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Just finished a new one. This one is Oak with Walnut. I decided to start the finishing by "sanding in" the first 3 coats of tru oil. Took a lot longer but resulted in a much smoother final finish that before. Gotta get stocked up for Father's Day.
 

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Just finished a new one. This one is Oak with Walnut. I decided to start the finishing by "sanding in" the first 3 coats of tru oil. Took a lot longer but resulted in a much smoother final finish that before. Gotta get stocked up for Father's Day.
Very nice! I would like to learn the inlay method that you use in your canes -- they really turn out looking sharp!
 

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Discussion Starter · #3 ·
My methods are not complicated. The ones on this cane are basically done with forstner bits to drill about 1/4 inch into the cane and I used a set of plug cutters to cut walnut plugs.

On other items that are not round, I use a dremel cutter in my drill press to cut the inset then shape the inlay on my belt sander. I epoxy the inlays in. Maybe I'll do a "how to" next time I start one.
 

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My methods are not complicated. The ones on this cane are basically done with forstner bits to drill about 1/4 inch into the cane and I used a set of plug cutters to cut walnut plugs.

On other items that are not round, I use a dremel cutter in my drill press to cut the inset then shape the inlay on my belt sander. I epoxy the inlays in. Maybe I'll do a "how to" next time I start one.
I, for one, would enjoy the "how to" video!
 

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My methods are not complicated. The ones on this cane are basically done with forstner bits to drill about 1/4 inch into the cane and I used a set of plug cutters to cut walnut plugs.

On other items that are not round, I use a dremel cutter in my drill press to cut the inset then shape the inlay on my belt sander. I epoxy the inlays in. Maybe I'll do a "how to" next time I start one.
I'm definitely going to give that a go, sometime in the near future. I have the (cheap) drill press and the forstner bits, now all I need is a few chunks of pretty hardwood and some plug cutters. Thanks Bill!

Vance
 

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You could also use various sizes of existing walnut dowel rod as well, if you did not have the plug cutter available. You would be locked into certain sizes, but it would certainly work. Lewey, it looks like you are using brass rod too; is that what I am seeing? Have you ever tried inlaying soapstone? I ask because it is so easy to work. Another one is red Catlinite - also very easy to work; looks blood red, maybe a little darker once oiled / finished.
 

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You could also use various sizes of existing walnut dowel rod as well, if you did not have the plug cutter available. You would be locked into certain sizes, but it would certainly work. Lewey, it looks like you are using brass rod too; is that what I am seeing? Have you ever tried inlaying soapstone? I ask because it is so easy to work. Another one is red Catlinite - also very easy to work; looks blood red, maybe a little darker once oiled / finished.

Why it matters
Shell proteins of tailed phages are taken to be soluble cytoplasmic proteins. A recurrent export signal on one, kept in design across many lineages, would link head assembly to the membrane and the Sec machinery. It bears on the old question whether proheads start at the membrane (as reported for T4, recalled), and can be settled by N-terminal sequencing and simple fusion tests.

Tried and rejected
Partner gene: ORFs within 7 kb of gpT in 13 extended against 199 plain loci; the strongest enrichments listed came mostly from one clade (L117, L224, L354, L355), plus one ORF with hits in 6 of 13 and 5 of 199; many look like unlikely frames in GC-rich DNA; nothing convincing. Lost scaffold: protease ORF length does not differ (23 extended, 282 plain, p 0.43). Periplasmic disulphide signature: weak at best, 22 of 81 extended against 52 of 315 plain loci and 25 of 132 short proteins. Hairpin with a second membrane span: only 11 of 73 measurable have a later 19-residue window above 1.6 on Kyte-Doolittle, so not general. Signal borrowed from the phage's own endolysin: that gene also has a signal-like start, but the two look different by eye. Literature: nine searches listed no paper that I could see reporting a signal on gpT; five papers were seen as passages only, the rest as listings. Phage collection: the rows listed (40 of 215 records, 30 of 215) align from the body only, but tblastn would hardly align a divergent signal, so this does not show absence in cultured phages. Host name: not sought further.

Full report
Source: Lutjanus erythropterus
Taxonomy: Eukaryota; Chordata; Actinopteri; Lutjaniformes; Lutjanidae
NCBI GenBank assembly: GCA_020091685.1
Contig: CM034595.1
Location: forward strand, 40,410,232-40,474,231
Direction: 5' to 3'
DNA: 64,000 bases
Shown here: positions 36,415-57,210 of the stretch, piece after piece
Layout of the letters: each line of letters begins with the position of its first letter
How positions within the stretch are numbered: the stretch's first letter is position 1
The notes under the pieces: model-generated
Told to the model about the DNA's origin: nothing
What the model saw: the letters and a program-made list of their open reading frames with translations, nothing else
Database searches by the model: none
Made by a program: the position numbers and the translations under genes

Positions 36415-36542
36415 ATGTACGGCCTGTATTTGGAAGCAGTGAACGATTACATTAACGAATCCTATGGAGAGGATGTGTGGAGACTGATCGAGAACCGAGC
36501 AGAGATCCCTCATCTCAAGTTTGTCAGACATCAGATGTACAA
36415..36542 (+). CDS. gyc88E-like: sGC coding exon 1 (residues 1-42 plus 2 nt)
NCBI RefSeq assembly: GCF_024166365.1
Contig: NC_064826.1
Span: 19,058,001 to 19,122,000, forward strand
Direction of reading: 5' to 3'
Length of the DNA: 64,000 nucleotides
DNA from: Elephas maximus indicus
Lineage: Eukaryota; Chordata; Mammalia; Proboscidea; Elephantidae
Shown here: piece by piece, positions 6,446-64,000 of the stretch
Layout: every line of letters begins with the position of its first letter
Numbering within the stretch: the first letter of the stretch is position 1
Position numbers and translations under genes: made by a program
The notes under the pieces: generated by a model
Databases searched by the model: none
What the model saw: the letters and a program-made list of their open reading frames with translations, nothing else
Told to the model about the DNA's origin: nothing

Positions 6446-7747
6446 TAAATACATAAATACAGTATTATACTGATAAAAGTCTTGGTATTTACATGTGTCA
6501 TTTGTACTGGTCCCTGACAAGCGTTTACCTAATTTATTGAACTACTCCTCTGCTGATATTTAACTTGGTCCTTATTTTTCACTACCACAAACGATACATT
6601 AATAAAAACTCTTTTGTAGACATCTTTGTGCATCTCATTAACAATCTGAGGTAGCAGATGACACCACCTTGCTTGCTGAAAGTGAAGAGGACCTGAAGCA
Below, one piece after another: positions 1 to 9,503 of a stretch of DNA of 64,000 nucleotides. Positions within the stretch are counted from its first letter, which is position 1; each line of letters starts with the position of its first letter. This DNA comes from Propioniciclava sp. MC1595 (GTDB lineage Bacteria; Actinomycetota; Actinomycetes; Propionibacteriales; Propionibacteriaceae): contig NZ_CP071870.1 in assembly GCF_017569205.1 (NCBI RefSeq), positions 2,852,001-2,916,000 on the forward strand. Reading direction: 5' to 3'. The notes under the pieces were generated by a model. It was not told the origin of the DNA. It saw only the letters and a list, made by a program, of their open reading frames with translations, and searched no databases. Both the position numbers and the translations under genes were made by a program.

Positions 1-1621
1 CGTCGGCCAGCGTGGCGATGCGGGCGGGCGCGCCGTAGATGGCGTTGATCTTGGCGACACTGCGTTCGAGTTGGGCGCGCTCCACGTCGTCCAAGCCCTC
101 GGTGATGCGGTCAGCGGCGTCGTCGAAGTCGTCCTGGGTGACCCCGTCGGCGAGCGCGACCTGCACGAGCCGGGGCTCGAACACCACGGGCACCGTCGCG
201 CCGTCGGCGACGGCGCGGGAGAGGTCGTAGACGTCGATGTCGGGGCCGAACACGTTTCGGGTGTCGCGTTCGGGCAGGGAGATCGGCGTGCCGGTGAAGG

Thanks Shawn. I learn something every day. Questions:

  1. When using relatively soft materials such as soapstone and catlinite, should you coat the surface with something like epoxy that will also scratch, but which can be buffed without losing the material of interest?
  2. Have you used water buffalo horn, and if so what do you think about the result?

The dowel idea is a possibility for lazy boys like me.
 

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I see what you are saying, but I have not specially treated it with anything prior to sanding / polishing. I think you just need to be careful when working that area to avoid cutting deeper than the surrounding wood. Handle it gingerly. I believe it may all be largely in the cutting properties of the abrasive you are using. Lewey may know more about that than myself.
 

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Shawn, how is your hand injury healing? I hope it is much better!
 

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Discussion Starter · #11 ·
Shawn, Yes, that is brass rod you're seeing. For the handle on this cane, I put two pieces of oak board together so I glued and pinned them with brass.

I've never used soapstone or catlinite but I have used some rhodocrocite with some of my canes. I made a cane one time for an Irish gentlemen and he wanted a green shamrock in it. I decided to use jade. Man that stuff was hard. I used about 5 diamond burrs just shaping it.
 

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Wow,some very good wormanship there brother...The ends of the handle almost look like knife handle making technique of sorts...Looks great...

A how too would be great...
 
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